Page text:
The Judicial Murder of Mary E. Surratt

The Judicial Murder of Mary E. Surratt

3.52 (17 ratings by Goodreads)
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Description

Mary Elizabeth Jenkins Surratt (1820 or May 1823 - July 7, 1865) was an American boarding house owner who was convicted of taking part in the conspiracy to assassinate President Abraham Lincoln. Sentenced to death, she was hanged, becoming the first white woman executed by the United States federal government. Surratt was the mother of John H. Surratt, Jr., who was later tried but was not convicted of involvement in the assassination On July 7, 1865, Mary Surratt was hanged alongside three others convicted of playing a part in the plot to assassinate Abraham Lincoln. Her story served as the inspiration for the new movie "The Conspirator"-but to many she remains a shadowy, if not entirely unknown, footnote in Civil War history. Who was Mary Elizabeth Jenkins Surratt, an alleged collaborator in the plot to kill the country's 16th president?show more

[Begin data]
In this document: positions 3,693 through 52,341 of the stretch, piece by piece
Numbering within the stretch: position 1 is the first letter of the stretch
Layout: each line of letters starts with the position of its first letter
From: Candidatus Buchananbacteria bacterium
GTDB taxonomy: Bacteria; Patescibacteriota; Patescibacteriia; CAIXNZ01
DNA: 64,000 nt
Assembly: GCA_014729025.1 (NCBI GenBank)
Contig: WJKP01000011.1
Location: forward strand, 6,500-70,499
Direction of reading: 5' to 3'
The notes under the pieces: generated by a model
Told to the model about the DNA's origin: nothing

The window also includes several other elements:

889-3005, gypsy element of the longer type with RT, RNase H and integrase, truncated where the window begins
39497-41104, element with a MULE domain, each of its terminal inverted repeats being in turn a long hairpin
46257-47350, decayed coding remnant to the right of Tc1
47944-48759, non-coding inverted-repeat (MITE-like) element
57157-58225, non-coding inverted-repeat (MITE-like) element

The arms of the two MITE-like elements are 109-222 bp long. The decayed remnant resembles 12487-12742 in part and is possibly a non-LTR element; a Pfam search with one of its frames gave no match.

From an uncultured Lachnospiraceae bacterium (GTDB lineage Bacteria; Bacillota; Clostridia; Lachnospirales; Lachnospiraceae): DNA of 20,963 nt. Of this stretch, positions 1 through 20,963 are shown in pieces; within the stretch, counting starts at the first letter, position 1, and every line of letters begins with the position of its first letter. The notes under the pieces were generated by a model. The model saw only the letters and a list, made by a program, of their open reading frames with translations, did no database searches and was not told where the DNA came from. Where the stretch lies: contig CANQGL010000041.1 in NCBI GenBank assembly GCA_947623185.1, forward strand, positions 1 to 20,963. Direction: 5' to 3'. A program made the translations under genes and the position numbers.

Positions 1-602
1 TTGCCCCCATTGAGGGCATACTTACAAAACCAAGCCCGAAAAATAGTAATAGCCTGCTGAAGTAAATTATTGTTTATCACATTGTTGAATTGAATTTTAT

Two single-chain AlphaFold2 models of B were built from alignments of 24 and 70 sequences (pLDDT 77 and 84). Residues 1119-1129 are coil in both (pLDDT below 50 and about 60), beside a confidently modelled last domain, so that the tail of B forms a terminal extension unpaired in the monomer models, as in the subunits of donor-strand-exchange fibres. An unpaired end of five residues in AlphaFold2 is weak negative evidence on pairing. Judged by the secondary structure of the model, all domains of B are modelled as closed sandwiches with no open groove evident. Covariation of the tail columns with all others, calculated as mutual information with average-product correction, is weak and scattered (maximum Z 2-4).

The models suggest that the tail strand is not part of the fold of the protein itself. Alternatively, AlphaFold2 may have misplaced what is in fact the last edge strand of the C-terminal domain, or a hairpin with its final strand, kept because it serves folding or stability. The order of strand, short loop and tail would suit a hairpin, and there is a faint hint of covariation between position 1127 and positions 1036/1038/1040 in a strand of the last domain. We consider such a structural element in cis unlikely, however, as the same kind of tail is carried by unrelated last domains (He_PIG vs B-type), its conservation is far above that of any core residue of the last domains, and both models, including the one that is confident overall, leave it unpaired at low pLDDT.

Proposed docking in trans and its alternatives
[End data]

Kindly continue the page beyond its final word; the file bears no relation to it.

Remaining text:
Product details

  • Paperback | 124 pages
  • 215.9 x 279.4 x 7.11mm | 381.02g
  • Createspace Independent Publishing Platform
  • United States
  • English
  • black & white illustrations
  • 1507784376
  • 9781507784372

About David Miller DeWitt

David Miller De Witt (November 25, 1837 - June 23, 1912) was a U.S. Representative from New York. Born in Paterson, New Jersey, De Witt moved to New York in 1845 with his parents, who settled in Brooklyn. He attended the public schools of Brooklyn, a select school at Saugerties, and the local academy at Kingston. He was graduated from Rutgers College, New Brunswick, New Jersey, in 1858. He studied law. He was admitted to the bar in 1858 and commenced practice in Kingston, New York. Principal of New Paltz Academy (later a State normal school) in 1861 and 1862. He served as district attorney of Ulster County 1863-1870. He was an unsuccessful candidate for reelection. De Witt was elected as a Democrat to the Forty-third Congress (March 4, 1873 - March 3, 1875). He was not a candidate for renomination. He resumed the practice of law and also engaged in literary pursuits. He served as assistant corporation counsel of Brooklyn, New York from 1878 to 1881. He was a member of the New York State Assembly (Ulster Co., 2nd D.) in 1883. Corporation counsel of Kingston in 1884. Surrogate of Ulster County from November 20, 1885, to December 31, 1886. He again engaged in the practice of law. He died in Kingston, New York, June 23, 1912. He was interred in Wiltwyck Rural Cemetery.show more

Rating details

17 ratings
3.52 out of 5 stars
5 24% (4)
4 18% (3)
3 47% (8)
2 12% (2)
1 0% (0)
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